Is Mahatma Gandhi any less a person since

## nytimes is more realistic (Score:2, Informative)

http://news.xinhuanet.com/english/2006-06/04/cont

## Re:nytimes is more realistic (Score:2)

Did these two guys have ANYTHING to do with solving the proof?

## How does this relate to string theory? (Score:2)

## Re:How does this relate to string theory? (Score:2)

## Re:How does this relate to string theory? (Score:5, Informative)

According to string physicist Lubos Motl [blogspot.com] the proof indeed important to string theory. The proof based on the flow on the manifold (surface), analogous to heat dissipation - Ricci flow [wikipedia.org]. This flow deform metrics (distance between points of the surface). But this process also describe renormalization [wikipedia.org] of worldsheet - how the physics of the worldsheet [wikipedia.org] (surface which string drawing, moving in space and time) change with changing of the observation scale. That is how phisics of string change then the scale of calculation changed.

## Re:How does this relate to string theory? (Score:3, Funny)

... ANAM (I'm not a matematician) ...IANAA (I am not an acronymist)

## Re:How does this relate to string theory? (Score:5, Interesting)

The Ricci Flow [wikipedia.org] was defined by Richard Hamilton in 1981 as a step towards classifying topological compact 3-manifolds. Classifying 3-manifolds would certainly decide The Poincare Conjecture, as it states that all

simply connectedcompact 3-manifolds are homeomorphic to the sphere. This is an important special case: most proofs of the classification of compact 2-manifolds start out by proving the an analogous statement for the 2-sphere. The Ricci Flow is a differential equation which defines how the shape of a manifold changes in time: given an arbitrary manifold M(0), you can apply the differential equation to it to get manifolds M(t) for (some) positive t, which gradually change shape. However, the Ricci Flow is not volume preserving, so you "renormalize" so that M(t) has constant volume.The Ricci Flow has the useful property that it tends to make manifolds smoother and smoother. For example, if you started out with a lumpy ball, you would eventually get a smooth ball. It was hoped that it could be proved that if the initial manifold was a compact simply connected 3-manifold, then as t increased, the manifold would tend towards a 3-sphere. Unfortunately, while locally solutions to differential equations always exist, they don't necessarily exist for all time, and for some starting manifolds, eventually you would get to a road-block: a t for which M(t) could not be defined. What Perlman (hopefully) showed was that all road-blocks were of certain types, and that a surgery could be formed that would modify the manifold but not it's topological nature, and then you could again apply the Ricci Flow, until the manifold became a sphere.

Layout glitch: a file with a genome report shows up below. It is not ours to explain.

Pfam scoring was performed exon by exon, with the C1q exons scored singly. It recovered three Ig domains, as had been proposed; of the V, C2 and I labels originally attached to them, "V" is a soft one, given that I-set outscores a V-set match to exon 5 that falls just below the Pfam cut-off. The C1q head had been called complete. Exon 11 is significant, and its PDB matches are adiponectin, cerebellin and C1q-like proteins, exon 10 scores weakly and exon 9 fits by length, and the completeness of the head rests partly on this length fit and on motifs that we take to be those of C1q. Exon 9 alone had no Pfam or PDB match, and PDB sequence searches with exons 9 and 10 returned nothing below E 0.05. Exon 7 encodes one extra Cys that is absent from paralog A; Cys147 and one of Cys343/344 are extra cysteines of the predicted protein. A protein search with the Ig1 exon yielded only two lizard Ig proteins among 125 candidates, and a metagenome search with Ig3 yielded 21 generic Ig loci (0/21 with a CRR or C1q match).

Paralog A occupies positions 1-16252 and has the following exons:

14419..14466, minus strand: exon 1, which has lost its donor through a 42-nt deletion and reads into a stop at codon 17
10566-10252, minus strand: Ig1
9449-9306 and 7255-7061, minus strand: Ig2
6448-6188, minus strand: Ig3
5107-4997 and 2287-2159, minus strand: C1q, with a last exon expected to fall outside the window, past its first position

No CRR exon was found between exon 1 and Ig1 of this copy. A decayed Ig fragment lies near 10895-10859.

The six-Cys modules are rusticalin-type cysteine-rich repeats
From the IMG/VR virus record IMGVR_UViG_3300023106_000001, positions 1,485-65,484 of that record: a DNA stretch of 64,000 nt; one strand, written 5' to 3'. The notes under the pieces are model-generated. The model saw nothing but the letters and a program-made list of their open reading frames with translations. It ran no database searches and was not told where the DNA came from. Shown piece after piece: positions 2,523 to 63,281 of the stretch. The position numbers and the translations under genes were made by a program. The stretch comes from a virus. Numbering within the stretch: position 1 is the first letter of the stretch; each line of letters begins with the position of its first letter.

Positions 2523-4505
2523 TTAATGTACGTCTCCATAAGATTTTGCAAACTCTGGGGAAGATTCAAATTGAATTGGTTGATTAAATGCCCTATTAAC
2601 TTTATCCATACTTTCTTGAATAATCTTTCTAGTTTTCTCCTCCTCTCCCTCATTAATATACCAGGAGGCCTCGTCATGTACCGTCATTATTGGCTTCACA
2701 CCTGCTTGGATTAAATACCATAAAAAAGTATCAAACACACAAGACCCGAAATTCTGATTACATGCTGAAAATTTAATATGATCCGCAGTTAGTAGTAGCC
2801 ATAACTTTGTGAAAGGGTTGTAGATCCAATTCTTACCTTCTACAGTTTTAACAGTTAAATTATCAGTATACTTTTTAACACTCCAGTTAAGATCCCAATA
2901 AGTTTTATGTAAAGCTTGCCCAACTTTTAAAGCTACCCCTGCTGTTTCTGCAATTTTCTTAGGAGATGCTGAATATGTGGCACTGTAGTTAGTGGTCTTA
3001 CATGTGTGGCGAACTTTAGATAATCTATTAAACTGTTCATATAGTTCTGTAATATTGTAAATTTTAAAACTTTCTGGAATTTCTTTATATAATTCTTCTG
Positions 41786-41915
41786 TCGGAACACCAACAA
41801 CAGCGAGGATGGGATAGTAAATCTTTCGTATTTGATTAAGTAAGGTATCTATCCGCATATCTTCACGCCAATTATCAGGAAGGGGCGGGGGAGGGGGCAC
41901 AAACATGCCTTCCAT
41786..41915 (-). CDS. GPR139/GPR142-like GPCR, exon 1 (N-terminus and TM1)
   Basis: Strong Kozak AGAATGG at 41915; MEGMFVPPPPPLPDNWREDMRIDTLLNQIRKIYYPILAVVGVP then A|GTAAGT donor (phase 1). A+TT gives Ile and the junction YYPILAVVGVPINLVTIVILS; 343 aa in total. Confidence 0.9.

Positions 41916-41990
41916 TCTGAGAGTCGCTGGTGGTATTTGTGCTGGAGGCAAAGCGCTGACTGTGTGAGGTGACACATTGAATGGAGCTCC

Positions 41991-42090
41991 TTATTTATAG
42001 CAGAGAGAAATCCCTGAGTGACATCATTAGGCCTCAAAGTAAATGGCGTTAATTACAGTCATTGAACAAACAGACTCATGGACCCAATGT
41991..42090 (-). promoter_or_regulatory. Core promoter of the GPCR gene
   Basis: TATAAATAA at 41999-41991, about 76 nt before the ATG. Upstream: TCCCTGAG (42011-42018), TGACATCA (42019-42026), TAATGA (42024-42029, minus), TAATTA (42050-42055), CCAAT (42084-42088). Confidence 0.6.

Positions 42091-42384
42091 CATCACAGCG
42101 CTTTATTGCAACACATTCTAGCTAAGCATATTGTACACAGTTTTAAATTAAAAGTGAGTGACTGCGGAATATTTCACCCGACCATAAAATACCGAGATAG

Note that this method is useful beyond proving the Poincare Conjecture, as it (again, hopefully) describes all road blocks to extending the Ricci Flow, so that the same tools can be applied to any 3-manifold, and not just simply connected ones. In this manner, assuming Perlman made no mistakes (or that any mistakes can be corrected), it is possible to apply the same arguments to prove the Geometrization Conjecture of Thurston, which classifies 3-manifolds.

## Re:How does this relate to string theory? (Score:4, Interesting)

It seems to me at this Ricci Flow differential equation could be quite useful practically. For example, in pattern recognition, if a computer could build a 3d model of an object using multiple vantage points, then simplify the object to one of the handfull of object types described by Perlman using the Ricci Flow, then this simple catagorization might help in the identification of complex objects (e.g. a donut really is a donut, even if it's been heavily frosted).

Do you know if Perlman's technique for handling the singularities will help with the numerical implementation of this process? Or are these issues numerically simple to solve - but only challenging to solve in proof?

## Re:How does this relate to string theory? (Score:3, Interesting)

## The tone of the summary is typical (Score:5, Insightful)